5 bloggers, 5 questions, 1 band, hand-picked by the MWA writers. Welcome to FIVE x FIVE. This week: Chicago rockers, The Van Goghs.

Van-Goghs-Roman-Candle

Self-proclaimed American laundry washed in British detergent, The Van Goghs play garage rock music with a nostalgic touch. Last May, the group released their Roman Candle EP, a follow-up to 2011’s Escape of the Jellyfish and recently were kind enough to answer some of our burning questions for this week’s FIVE x FIVE.

You mention some big name favorites like Bowie, Beck and the Beatles; are there any local groups that you’ve been listening to lately? | Dan Jarvis

There’s been a few groups various members of ours have been turned on to after getting a chance to share a stage with them.  Soft Speaker in particular we’ve had the privilege of playing with a few times.  Cool people, good songs, they go about music the right way.   

Some others would include:  Tin Tin Can, Cave, Witch Feet, Flint Eastwood (MI), Rabble Rabble, Black Cat Heart Attack and The Claudettes.

With almost two years between your first two releases, did you notice any stylistic changes or musical developments between Escape of the Jellyfish and Roman Candle? | Eric Slager

During the recording of Escape of the Jellyfish we were a 4 piece.  Mick (guitar/vocals) wrote a few keyboard parts that weren’t part of the live performance to help flesh out the songs.  That was a catalyst to us realizing we would love to have a full time keyboardist to give us a fuller sound along with more flexibility.  With Travis the keys and synths became more a part of the music than a recording afterthought.   

We also have a new bassist.  Our old bassist was more into Dub and Afro-rhythms which gave some songs a bit of a Clash-like feel on the rhythm end.  Ryon our current bassist is definitely more rock & roll with probably a greater interest in the small details.  That had a pretty large effect on the underlying architecture of Roman Candle‘s songs.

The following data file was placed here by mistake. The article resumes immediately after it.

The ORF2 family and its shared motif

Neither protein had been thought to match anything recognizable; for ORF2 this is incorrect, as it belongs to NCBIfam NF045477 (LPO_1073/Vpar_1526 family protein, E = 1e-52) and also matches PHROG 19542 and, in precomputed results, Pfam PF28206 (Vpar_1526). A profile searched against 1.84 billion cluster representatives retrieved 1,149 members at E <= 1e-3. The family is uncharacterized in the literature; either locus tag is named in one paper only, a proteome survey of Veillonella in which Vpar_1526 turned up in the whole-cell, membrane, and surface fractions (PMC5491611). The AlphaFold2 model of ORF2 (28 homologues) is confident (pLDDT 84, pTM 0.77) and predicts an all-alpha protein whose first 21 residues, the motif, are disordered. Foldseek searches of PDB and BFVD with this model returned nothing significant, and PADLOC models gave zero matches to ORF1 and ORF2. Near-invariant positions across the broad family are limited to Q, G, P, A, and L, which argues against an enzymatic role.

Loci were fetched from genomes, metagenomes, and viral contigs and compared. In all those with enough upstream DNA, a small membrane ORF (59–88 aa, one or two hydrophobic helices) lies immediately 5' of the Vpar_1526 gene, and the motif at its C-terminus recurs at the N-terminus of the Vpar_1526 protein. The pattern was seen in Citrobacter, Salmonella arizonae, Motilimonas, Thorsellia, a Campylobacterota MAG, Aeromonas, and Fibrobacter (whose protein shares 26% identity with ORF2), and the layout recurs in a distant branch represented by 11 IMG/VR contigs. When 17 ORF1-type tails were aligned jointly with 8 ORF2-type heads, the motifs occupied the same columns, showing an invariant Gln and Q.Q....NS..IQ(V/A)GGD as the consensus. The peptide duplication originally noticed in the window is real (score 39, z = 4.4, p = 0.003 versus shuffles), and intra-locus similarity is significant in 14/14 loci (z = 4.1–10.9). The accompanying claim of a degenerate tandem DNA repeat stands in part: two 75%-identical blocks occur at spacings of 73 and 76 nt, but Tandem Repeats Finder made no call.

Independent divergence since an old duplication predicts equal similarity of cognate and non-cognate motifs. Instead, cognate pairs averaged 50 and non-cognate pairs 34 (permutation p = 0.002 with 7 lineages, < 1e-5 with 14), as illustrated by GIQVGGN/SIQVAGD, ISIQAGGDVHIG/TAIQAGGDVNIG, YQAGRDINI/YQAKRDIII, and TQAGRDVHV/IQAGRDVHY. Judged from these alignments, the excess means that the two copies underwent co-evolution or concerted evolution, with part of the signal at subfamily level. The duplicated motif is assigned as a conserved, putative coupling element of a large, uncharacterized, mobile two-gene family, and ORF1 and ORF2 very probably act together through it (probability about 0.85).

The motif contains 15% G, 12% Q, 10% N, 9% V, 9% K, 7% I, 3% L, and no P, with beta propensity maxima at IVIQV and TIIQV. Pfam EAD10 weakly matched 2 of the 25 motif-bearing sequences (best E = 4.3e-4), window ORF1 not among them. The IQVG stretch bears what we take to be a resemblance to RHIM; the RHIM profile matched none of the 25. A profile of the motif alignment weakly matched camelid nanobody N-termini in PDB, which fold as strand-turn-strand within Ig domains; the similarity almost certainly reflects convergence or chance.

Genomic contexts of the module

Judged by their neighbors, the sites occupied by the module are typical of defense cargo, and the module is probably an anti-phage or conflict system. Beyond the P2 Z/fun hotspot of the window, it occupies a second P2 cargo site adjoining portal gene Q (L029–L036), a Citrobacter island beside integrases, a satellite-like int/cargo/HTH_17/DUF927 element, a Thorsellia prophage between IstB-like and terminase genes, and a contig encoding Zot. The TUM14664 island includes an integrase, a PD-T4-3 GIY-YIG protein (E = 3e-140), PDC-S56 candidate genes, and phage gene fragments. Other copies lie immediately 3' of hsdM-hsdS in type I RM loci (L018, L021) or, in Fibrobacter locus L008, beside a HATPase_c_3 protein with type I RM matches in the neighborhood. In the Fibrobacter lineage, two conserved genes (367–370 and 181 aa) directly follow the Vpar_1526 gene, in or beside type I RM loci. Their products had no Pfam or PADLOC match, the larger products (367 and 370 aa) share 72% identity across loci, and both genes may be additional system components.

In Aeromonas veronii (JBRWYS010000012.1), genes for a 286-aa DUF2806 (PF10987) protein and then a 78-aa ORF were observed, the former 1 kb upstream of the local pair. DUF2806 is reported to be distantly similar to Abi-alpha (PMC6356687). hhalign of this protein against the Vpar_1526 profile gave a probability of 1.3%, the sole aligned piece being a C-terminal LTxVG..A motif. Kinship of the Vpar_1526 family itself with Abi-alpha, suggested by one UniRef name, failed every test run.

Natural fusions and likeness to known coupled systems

Escape was a self-recorded effort on some pretty crude equipment and we didn’t exactly know what we were doing half the time.  It kind of pigeon-holed for a while as a band that was going for that “garage-blues-Black Keys-type sound”, which really wasn’t what we were trying to do.  So with Roman Candle we worked with a producer which made us get more introspective and critical with our writing process.  That along with using an actual studio upped the overall quality/fidelity of the recording.

Over the last few years, it seems like you have played most of Chicago’s best local stages. Is there a venue in the city that feels like home? Is there a favorite spot that you haven’t had a chance to play yet?  | Patrick David

It would probably have to be between Martyrs and Double Door.  We’ve had some our best shows and crowd experiences there, plus both venues have always treated us well too.  

We’ve yet to play Hideout or the Metro.  Both are pretty iconic Chicago venues that we hope play at within the next year. 

What does your typical writing/recording process look like? Do you have songs fully developed before entering the studio?   | Alyssa Welch

I suppose it’s more of a mix of writing processes and methods for us.  Many start as a smaller part, riff or melody someone brings in and that is then hammered out by the rest of the band until it’s fully realized.  A few ideas have come in as full songs, then just polished up.  A couple were born out of random jams at practice as well.

With Roman Candle released last May, is there anything in the works for your next release?  | Dan Fiorio

We definitely have the material for some new recordings, but it might be awhile before we have expendable income for that.  Maybe we’ll have to try Kickstarter or find a 6th member that has a trust fund – hah.  All the best to everyone at Midwest Action! 

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